A digital economy can only work with uninterrupted electricity supply. So, states now face the unpleasant task of telling their citizens that electricity rates need to be hiked. Subhomoy Bhattacharjee reports.
Illustration: Uttam Ghosh/Rediff.com
To make mobiles work in villages to act as e-wallets, many states now face the unpleasant task of telling their citizens that electricity tariffs need to be raised by an annual average of 4 per cent from now, for at least the next two years.
Yet, as a recent survey by a respected international organisation among Rajasthan consumers shows, politicians are right to postpone the call. Even the more educated people of Rajasthan approve the huge subsidy the state electricity distribution company carries "as a valid use of public money".
The extensive survey, conducted by Geneva-based International Institute for Sustainable Development (IISD) in four districts of the state notes: "The results showed that citizens in Rajasthan largely expect government to maintain electricity subsidies."
It also puts in perspective a recent CRISIL Infrastructure Advisory report that illustrates the scale of the problem.
Kieran Clarke, lead author of the IISD survey, says tariff rise cannot happen unless the politicians are willing to sell the idea. "Any tariff (rate) reform plan should be coupled with strong communications by government that clearly explains consumers' interests in reform."
Based on the expenditure data it polled, electricity accounts for a third of the household budgets. There is, thus, a good reason for the "negative attitudes to the notion of pricing reform".
For instance, the IISD report notes only 1 percent of those surveyed reported they could manage with a price rise of more than 5 percent, and that too in urban areas such as Jaipur and Dausa. In predominantly rural areas such as Hanumangarh and Jaisalmer, even that percentage was not forthcoming.
With the move to a digital economy, however, the dependence on electricity would only rise.
Meanwhile, as states have delayed price correction, the overhang has risen. The CRISIL report notes that Rajasthan, along with Punjab, Bihar and Maharashtra, has to swallow an 8 per cent rise in power rates in the next financial year. Yet, in the Rajasthan survey "no single respondent (family) reported they could manage a price increase higher than 10 percent".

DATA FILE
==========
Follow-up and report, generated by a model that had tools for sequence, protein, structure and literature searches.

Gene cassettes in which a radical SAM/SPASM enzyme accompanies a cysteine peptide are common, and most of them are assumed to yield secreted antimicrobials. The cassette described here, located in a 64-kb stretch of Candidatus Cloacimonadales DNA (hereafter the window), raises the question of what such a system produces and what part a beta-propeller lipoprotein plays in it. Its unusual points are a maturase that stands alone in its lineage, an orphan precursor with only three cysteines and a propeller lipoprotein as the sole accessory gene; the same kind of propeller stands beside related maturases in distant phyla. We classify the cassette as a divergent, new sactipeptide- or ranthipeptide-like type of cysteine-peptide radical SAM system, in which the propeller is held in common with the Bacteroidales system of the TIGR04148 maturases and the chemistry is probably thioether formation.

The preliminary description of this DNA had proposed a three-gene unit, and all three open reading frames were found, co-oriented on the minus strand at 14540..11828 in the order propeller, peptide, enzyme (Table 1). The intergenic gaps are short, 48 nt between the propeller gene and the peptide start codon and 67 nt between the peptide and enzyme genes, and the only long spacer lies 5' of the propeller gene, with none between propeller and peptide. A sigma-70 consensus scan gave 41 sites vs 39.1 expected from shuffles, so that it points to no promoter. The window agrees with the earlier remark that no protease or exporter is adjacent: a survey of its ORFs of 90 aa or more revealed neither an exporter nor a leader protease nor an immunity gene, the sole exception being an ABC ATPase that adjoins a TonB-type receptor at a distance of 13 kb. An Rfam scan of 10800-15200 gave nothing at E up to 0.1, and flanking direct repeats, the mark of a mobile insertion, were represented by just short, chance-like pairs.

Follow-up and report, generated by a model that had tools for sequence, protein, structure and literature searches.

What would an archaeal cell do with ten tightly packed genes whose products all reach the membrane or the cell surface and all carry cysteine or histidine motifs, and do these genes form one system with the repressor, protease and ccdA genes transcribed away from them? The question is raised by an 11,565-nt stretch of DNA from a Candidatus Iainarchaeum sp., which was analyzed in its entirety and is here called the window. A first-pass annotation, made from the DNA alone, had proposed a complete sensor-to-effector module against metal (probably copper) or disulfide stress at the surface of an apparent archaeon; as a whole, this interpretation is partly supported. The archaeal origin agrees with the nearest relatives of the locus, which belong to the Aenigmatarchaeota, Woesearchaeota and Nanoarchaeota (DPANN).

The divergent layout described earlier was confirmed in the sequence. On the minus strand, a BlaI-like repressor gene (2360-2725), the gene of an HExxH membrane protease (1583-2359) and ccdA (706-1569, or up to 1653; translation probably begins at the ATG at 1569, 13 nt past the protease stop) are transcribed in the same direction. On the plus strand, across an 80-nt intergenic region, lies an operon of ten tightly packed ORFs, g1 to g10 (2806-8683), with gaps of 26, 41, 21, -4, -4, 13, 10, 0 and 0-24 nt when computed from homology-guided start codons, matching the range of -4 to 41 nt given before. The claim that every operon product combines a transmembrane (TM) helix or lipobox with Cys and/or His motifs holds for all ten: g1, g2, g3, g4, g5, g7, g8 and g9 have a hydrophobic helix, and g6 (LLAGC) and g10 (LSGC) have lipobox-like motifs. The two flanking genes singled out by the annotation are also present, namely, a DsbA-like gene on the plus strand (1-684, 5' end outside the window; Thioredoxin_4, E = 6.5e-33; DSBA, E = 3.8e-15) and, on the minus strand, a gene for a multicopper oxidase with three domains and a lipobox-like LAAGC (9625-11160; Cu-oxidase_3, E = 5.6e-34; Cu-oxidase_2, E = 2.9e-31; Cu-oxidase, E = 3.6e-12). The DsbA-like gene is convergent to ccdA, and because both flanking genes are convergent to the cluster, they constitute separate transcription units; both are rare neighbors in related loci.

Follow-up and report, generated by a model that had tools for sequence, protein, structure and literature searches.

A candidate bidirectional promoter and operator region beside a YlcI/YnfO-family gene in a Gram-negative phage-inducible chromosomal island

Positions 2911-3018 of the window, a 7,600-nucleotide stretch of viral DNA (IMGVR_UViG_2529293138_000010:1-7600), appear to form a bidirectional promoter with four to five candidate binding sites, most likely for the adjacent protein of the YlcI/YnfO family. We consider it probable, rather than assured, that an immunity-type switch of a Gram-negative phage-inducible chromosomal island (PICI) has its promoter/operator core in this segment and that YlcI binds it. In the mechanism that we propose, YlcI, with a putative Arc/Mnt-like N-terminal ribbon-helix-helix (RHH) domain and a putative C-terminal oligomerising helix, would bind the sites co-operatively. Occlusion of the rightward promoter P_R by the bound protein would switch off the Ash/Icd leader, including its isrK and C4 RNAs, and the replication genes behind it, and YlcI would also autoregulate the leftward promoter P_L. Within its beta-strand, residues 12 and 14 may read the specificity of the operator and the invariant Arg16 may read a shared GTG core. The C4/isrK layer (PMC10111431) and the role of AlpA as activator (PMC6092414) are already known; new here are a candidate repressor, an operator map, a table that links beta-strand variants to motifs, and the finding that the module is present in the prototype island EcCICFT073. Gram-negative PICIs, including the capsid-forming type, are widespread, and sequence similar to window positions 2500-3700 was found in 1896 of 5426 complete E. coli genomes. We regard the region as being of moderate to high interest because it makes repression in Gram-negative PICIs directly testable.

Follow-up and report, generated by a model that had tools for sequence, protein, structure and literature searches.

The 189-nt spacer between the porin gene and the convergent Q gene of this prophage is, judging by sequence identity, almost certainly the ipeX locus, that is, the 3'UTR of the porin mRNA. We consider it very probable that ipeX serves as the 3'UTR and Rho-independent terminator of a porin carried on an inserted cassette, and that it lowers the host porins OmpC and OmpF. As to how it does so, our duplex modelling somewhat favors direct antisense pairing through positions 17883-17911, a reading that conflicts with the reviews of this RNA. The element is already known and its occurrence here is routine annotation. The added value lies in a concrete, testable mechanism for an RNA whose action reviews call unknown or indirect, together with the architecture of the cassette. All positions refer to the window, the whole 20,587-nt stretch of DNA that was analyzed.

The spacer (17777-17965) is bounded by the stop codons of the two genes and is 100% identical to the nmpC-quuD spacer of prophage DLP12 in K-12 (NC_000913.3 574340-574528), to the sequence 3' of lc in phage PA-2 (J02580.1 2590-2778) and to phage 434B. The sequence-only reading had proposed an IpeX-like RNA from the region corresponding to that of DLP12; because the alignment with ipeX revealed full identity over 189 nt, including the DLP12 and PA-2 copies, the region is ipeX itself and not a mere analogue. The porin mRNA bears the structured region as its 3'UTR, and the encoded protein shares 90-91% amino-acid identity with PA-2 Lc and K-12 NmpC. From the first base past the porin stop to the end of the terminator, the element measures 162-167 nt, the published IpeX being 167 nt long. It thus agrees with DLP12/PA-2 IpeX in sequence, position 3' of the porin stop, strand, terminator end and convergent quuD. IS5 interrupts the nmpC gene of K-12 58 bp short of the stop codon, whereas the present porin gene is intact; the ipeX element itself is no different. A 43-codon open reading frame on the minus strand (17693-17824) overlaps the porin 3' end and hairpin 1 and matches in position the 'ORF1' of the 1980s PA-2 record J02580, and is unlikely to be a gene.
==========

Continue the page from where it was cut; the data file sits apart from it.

The discomfort for political parties can be easily gauged.
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The CRISIL numbers are uncomfortable, agrees its director and practice leader (energy and natural resources), Vivek Sharma. If the states undershoot the price rise by, say, 50 per cent, that will spray Rs 40,000 crore of red ink in the books of the electricity distribution companies.
To pay for those losses through subsidies, the states will have to cut down investments. Clarke says this means even cutting the benefits of rural electrification, of which mobile wallet is only one. It essentially means that a chief minister has to say digital money needs electricity and that means someone has to pay a higher price.
If this sounds like a chicken-and-egg problem, the IISD survey offers a slim escape route -- more consistent supply of power. "While tariff reform is unsurprisingly unpopular at a general level, urban households are much more likely to support and understand the need for this process," Clarke offers. In Jaipur, 50 per cent of the respondents were willing to pay a little extra.
That percentage drops to 11 in Hanumangarh and scratches 20 in Jaisalmer, though the state depends a lot on electricity-driven pumps to keep its agricultural fields irrigated. Principally because, as Clarke says, of not having experienced any improvement in supply of electricity.
According to the CRISIL report, Bihar, Jharkhand, Punjab, Maharashtra and Karnataka will have to raise tariffs by 3-10 per cent even in the year preceding the general elections, 2018-19. Raising electricity tariffs is a political hot potato, and such a decision would be more sensitive than cutting interest rates of savings deposit.
Sameer Bhatia, president, infrastructure advisory, CRISIL, says states have compounded the problem by not tackling aggregate technical and commercial losses (euphemism for electricity theft). His data show that those losses have run up to 25 per cent in Rajasthan instead of coming down from 20 per cent, between FY13 and FY16. It needs to come down to 15 by FY19. It is 32 per cent in Uttar Pradesh and needs to halve to 19 per cent by FY19.
"Some of the higher figures are because of better monitoring of the actual losses," he adds.
It is like the situation in banks where the deeper they have dug, more bad loans have come to the surface.
So, does the central government's ambitious UDAY (Ujwal Discom Assurance Yojana) scheme to reform the finances of the state-level electricity distribution companies have any chance of success?
All experts agree on this. Bhatia says since the central government has committed Rs 1,09,465 crore to the scheme through various means, it will be difficult for a state to walk away. "Despite the distaste among some of the state governments, UDAY has also stapled their finance to that of the companies, so the results have to come in," Bhatia adds.
The digital economy's structure means there is no way a state can let irregular supply or loss to the distribution companies continue.
"In the post-demonetisation world, it is increasingly important that distribution sectors function well enough to provide both reliable power and grid expansion to households so that they can effectively access the digital world," says Clarke.
And, this would mean political hardsell to the consumers of Rajasthan, as well as in other states.